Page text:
Larry Whiteside, CISO for Spectrum Health Systems, speaks at the 2012 SC Congress in Chicago on how mobile devices in the workplace are changing the landscape of security. Photo by Tom Ford of Ford Photography
The cyber landscape is constantly shifting – new threats arise daily in the form of employees’ devices, malware and denial-of-service attacks, and the nebulous menace of hacktivist societies, such as Anonymous. And while these continue to mount, new CISOs are fighting back within their organizations to reform information security protocols and meet the oncoming risks head-on.
At a November conference in Chicago, the SC Congress 2012 from SC Magazine, I had the opportunity to sit down and meet several leading CISOs, as well as listen in to some thought-provoking keynote sessions on the threats of the day:
Becoming the Office of “Maybe”
According to Ward Spangenberg, CISO of Pearl.com, formerly of online gaming giant Zynga, companies are facing a wide variety of threats and problems, many of which are brought in by employees.
“You can’t be the ‘no’ guy,” says Spangenberg. “Every time you just shut down an employee’s request with a ‘no,’ you’ve destroyed an opportunity to affect good change.”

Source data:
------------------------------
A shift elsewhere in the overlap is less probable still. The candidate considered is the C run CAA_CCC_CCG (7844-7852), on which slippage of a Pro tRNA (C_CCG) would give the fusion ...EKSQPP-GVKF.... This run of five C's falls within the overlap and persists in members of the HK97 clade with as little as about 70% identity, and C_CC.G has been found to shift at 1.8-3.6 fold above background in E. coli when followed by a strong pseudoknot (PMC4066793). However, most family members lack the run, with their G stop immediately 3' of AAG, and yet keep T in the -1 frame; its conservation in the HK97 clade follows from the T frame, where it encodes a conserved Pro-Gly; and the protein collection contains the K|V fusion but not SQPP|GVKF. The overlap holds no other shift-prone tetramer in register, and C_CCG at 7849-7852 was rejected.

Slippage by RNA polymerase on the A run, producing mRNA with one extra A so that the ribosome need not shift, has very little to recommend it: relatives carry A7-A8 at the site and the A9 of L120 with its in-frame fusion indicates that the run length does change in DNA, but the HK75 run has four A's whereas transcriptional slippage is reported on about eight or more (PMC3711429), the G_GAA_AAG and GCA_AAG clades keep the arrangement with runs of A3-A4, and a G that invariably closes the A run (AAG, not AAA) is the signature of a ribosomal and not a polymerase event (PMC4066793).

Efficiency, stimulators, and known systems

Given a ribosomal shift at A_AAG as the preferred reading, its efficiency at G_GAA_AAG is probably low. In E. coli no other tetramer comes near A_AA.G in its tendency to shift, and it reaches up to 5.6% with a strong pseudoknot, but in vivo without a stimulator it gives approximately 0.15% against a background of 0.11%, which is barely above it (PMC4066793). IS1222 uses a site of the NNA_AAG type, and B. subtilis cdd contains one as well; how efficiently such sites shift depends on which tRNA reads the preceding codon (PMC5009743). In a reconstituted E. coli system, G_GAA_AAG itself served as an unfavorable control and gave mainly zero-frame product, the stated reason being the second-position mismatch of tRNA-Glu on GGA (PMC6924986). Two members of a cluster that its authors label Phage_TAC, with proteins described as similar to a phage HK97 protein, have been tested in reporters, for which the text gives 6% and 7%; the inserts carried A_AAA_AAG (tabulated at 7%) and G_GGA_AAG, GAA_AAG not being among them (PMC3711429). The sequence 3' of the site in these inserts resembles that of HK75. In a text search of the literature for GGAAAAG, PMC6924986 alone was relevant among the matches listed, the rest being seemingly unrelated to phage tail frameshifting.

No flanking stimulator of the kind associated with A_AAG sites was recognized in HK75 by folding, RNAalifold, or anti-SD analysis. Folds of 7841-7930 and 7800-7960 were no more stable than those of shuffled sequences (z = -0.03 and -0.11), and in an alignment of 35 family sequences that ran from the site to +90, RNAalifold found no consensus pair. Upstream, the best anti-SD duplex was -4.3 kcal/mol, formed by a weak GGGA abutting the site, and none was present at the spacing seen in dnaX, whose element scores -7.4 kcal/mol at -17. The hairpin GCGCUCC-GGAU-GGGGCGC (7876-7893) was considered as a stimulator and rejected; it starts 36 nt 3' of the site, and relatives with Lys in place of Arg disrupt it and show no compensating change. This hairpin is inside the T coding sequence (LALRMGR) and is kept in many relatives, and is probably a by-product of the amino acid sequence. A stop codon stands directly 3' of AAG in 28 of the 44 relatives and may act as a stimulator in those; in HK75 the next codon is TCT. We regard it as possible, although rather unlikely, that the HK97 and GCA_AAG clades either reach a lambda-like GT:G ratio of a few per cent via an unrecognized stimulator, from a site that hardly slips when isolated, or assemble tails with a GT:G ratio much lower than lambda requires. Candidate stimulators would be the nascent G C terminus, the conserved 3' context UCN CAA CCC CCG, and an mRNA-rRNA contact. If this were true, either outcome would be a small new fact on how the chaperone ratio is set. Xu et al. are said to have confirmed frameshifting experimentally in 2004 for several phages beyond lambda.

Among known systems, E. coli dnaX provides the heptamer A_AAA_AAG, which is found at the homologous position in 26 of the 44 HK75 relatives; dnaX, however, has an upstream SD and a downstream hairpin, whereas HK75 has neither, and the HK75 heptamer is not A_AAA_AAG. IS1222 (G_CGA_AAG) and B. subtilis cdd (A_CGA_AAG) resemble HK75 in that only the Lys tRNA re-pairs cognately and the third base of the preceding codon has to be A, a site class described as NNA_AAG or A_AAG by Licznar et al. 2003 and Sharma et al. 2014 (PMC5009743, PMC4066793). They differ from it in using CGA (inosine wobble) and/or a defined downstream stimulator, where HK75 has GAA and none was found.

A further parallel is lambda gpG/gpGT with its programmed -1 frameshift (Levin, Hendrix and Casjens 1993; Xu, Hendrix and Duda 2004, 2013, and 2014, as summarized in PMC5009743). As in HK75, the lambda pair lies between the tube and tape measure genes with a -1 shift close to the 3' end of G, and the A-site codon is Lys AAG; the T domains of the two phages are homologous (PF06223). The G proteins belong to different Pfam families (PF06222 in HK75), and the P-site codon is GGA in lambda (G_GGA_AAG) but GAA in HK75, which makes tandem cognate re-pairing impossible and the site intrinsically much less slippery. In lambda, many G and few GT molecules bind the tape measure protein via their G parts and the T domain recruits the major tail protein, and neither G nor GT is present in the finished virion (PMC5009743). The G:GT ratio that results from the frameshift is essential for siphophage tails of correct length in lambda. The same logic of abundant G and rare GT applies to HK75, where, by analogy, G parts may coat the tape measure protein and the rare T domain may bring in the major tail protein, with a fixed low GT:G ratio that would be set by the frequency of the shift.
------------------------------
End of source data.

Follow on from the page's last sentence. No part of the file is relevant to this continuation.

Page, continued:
He says that IT security professionals should tackle these requests from the side, especially when they come from upper management. “Start with ‘maybe,’” he adds – the CISO’s willingness to compromise and explore different or unusual solutions can expand a business’s efficiency while improving employees’ awareness and respect of security.
Building the Best BYOD Policy
And speaking of improving employee relations, the BYOD (or Bring Your Own Device) movement was one of the hot topics of the conference. The panel discussion regarding mobile security brought some strongly conflicting opinions to the fore, most notably – Should security adjust BYOD policies because new talent demands the use of their own devices, or should the new talent adjust their work styles to the existing company policy?
Cost, the speakers said, is not a factor in BYOD, at least not compared to the empowerment of the workforce. Incoming workers are of the “multitasking generation,” and many of them request device policies during job interviews. Several speakers noted throughout the day that if a talented applicant dislikes a company’s stringent BYOD decisions, they could decide to work elsewhere.
According to Larry Whiteside, CISO at Spectrum Health Systems, companies should test a pilot program to gauge employee interest, while employing encryption tools on all devices, including desktop computers, to help reduce the risks of data loss due to device theft.
The Threat Landscape